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Virat (Akshay Kumar) is among a battalion of military officers that comes to Mumbai on vacation. Virat is also a secret Defence Intelligence Agent who cannot lie low, much to the irritation of his friend and sub inspector. During a bus ride, an attempt to frisk passengers for a lost wallet leads Virat to something much bigger. Within minutes, the bus is blown into pieces and he helps cops nab the carrier of the bomb, who escapes from the hospital only to be caught by Virat again. Using tact, Virat follows one clue at a time hoping to track down the terrorist on whose orders the sleeper cell terrorists plan to cause mayhem in Mumbai.Written by
Sadiq khan (firstname.lastname@example.org)
Akshay Kumar is an amazing actor. His stunts are jaw breaking no doubt. But, the film hits the write notes. Sonakshi Sinha was wasted. Freddy Daruwala makes a god villain.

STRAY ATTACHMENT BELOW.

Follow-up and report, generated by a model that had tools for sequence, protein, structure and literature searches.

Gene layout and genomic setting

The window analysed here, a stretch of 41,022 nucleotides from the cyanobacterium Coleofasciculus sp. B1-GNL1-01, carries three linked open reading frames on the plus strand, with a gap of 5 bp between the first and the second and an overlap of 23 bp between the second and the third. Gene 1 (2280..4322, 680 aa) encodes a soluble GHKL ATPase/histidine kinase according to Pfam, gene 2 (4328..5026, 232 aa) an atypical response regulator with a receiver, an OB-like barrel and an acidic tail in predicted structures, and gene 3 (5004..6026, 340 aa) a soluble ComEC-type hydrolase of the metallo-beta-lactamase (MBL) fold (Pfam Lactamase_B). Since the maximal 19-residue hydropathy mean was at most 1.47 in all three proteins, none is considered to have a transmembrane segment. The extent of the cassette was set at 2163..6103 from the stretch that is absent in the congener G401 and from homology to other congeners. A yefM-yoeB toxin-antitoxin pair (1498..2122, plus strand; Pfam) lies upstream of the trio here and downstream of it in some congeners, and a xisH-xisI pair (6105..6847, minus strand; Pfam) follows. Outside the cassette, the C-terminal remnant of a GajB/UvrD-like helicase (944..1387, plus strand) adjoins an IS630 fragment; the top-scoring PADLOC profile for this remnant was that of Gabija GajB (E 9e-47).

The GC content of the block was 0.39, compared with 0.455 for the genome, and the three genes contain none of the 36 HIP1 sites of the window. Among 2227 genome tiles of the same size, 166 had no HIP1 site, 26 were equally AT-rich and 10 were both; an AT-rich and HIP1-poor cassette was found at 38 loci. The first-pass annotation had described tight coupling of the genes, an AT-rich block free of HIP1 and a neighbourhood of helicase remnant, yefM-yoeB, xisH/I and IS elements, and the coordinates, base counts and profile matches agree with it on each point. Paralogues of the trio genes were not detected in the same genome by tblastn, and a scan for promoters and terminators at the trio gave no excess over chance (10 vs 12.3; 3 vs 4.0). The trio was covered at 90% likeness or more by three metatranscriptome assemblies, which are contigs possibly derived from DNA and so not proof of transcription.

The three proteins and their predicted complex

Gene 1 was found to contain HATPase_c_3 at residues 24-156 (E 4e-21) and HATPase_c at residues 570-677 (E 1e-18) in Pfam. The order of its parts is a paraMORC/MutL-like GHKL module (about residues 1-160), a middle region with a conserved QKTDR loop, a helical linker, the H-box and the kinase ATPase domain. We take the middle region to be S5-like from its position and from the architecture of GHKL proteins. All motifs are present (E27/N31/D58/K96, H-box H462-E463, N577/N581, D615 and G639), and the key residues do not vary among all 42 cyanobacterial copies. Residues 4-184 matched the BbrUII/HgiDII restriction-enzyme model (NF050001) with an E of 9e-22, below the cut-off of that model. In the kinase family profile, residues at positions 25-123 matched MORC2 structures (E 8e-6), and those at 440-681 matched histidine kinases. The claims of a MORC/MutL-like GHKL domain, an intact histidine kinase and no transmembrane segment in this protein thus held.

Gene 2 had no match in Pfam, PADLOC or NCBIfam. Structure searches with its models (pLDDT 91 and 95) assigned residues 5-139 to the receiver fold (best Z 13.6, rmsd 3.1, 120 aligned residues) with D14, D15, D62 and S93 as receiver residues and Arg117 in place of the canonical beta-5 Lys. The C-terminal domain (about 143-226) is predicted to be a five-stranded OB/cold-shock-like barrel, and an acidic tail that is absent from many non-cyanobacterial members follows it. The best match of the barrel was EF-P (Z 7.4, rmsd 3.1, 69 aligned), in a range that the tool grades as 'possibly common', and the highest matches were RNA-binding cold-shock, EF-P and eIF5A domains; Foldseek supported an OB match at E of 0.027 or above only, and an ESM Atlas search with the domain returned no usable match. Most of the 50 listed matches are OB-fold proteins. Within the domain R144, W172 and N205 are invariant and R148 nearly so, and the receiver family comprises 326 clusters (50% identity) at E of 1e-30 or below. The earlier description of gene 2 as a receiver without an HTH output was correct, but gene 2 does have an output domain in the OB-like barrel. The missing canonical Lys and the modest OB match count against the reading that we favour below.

This is an edge of the seat thrilled that will keep you hooked right till the end!
It's just as hard to imagine "Holiday" without Akshay as it is to imagine last week's elegiac and thoughtful "Citylights" without Rajkummar Rao.
They both breathe life into their characters from different respiratory systems.
We often tend to think the grammar and language of mainstream cinema to be far easier to convey than the language of the so-called serious cinema.
Wrong! A full-on massy product, which doesn't resort to outlandish inanities or outright vulgarity, is the most difficult form of filmmaking. In "Holiday", Murugadoss has some absolutely unflinching support from his writers and technicians, all out to create that increasingly elusive cinematic entity .
The perfect entertainer.
Not that "Holiday" is not without its flaws. What would life in the movies be without those?
Sonakshi Sinha's role and presence in the plot can at best be termed as comic relief. She is less diva, more Mehmood. It is interesting to see how the director weaves the romantic element into what is predominantly a rugged man-to-man confrontation between an armyman on leave and a super-intelligent terrorist, who is seen to work out not from a dingy warehouse, but a normal home teeming with the scents and images of domestic harmony.
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